Honesty, leads me to admit that on that basis we have a crisis.
c) They prayed specifically
The church was earnestly praying for Peter. They concentrated on the matter that was on their minds. In other words rather than praying; “Lord bless all the sick we need to pray for and all those people we know who are ill,” The Church in Jerusalem didn’t pray; “Lord be with all who are in prison tonight,” they prayed for Peter who was in prison.
3. The Plan and Purpose of God
Peter had seen the crucifixion transformed into resurrection. He had seen the Church’s most ardent opponent, Saul turn to Christ and become a passionate believer. He had seen the Jerusalem Church struggling under persecution not only survive but spread into Samaria and far beyond so he knew God had a plan.
Personally, perhaps he remembered the promise of Jesus that when he was old, he would have to be guided by others. Peter wasn’t yet that old. If he believed the promise of Jesus then he could be assured that God had something other in mind for him than his death the next day.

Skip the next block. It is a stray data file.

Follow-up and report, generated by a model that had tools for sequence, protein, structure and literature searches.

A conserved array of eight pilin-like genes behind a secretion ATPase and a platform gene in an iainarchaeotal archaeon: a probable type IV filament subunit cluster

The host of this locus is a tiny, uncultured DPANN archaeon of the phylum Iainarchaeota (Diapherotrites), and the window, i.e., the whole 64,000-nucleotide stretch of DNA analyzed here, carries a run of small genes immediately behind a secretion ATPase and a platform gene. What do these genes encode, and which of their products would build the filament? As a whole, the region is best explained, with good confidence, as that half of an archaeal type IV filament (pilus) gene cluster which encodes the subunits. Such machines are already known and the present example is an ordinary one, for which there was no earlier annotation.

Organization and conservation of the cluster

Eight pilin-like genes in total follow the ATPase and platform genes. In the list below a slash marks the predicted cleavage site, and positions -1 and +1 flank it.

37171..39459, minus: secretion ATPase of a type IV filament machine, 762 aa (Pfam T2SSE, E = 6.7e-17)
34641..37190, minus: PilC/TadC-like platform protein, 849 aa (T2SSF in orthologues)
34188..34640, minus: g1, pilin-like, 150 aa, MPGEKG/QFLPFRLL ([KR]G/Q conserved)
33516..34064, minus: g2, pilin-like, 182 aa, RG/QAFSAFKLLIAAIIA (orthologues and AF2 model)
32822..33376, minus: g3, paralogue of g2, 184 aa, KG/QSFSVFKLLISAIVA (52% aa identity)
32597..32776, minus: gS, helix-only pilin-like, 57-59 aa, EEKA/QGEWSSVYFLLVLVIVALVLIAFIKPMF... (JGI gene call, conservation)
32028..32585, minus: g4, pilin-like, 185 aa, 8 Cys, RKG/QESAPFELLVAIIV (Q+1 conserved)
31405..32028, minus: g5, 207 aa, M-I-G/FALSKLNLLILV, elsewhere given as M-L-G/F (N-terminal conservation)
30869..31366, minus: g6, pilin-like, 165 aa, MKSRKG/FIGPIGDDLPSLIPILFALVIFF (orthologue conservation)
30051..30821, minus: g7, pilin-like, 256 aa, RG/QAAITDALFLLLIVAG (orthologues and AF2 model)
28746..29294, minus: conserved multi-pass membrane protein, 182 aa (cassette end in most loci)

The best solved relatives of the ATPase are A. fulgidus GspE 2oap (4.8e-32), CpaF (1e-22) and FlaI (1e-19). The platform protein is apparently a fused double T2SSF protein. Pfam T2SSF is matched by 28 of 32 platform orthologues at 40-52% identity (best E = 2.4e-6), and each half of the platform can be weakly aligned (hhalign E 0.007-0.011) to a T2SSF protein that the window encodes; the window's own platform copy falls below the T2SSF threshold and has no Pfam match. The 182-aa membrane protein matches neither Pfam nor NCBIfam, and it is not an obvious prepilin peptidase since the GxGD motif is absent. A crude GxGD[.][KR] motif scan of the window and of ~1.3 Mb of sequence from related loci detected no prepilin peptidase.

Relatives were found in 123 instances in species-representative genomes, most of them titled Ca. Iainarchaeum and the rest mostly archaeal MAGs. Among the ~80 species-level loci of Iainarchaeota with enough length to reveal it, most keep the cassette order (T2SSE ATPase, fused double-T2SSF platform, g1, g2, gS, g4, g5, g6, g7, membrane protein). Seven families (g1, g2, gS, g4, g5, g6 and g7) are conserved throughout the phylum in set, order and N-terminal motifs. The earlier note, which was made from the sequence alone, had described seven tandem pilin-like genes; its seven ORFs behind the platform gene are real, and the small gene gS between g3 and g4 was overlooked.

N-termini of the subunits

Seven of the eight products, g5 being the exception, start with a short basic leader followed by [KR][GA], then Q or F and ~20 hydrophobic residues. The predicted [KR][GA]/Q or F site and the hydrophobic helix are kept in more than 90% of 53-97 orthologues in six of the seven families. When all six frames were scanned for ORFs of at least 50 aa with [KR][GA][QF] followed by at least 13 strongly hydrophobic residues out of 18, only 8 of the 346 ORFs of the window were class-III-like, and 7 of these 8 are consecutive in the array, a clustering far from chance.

But trust must always be accompanied by obedience. Peter was given instructions by the angel which he had to obey and whilst the angel kept the soldiers asleep and opened iron doors, Peter had to get up and walk in order to get out. This is a picture of what needs to happen to us all when we find Satan wants to prevent us from fulfilling the ministry to which the Holy Spirit has called us. We must like Peter do the things He asks of us in order to be free. God so often opens doors for us which we fail to go through.
This was not the first time Peter had escaped from prison. In Acts 5:18 – 20 he had been with the other apostles and an angel had let them out with the instruction to go back to the Temple and continue preaching. However just because God had repeated a miracle Peter did not assume that he should immediately go back into the public eye as he had done before.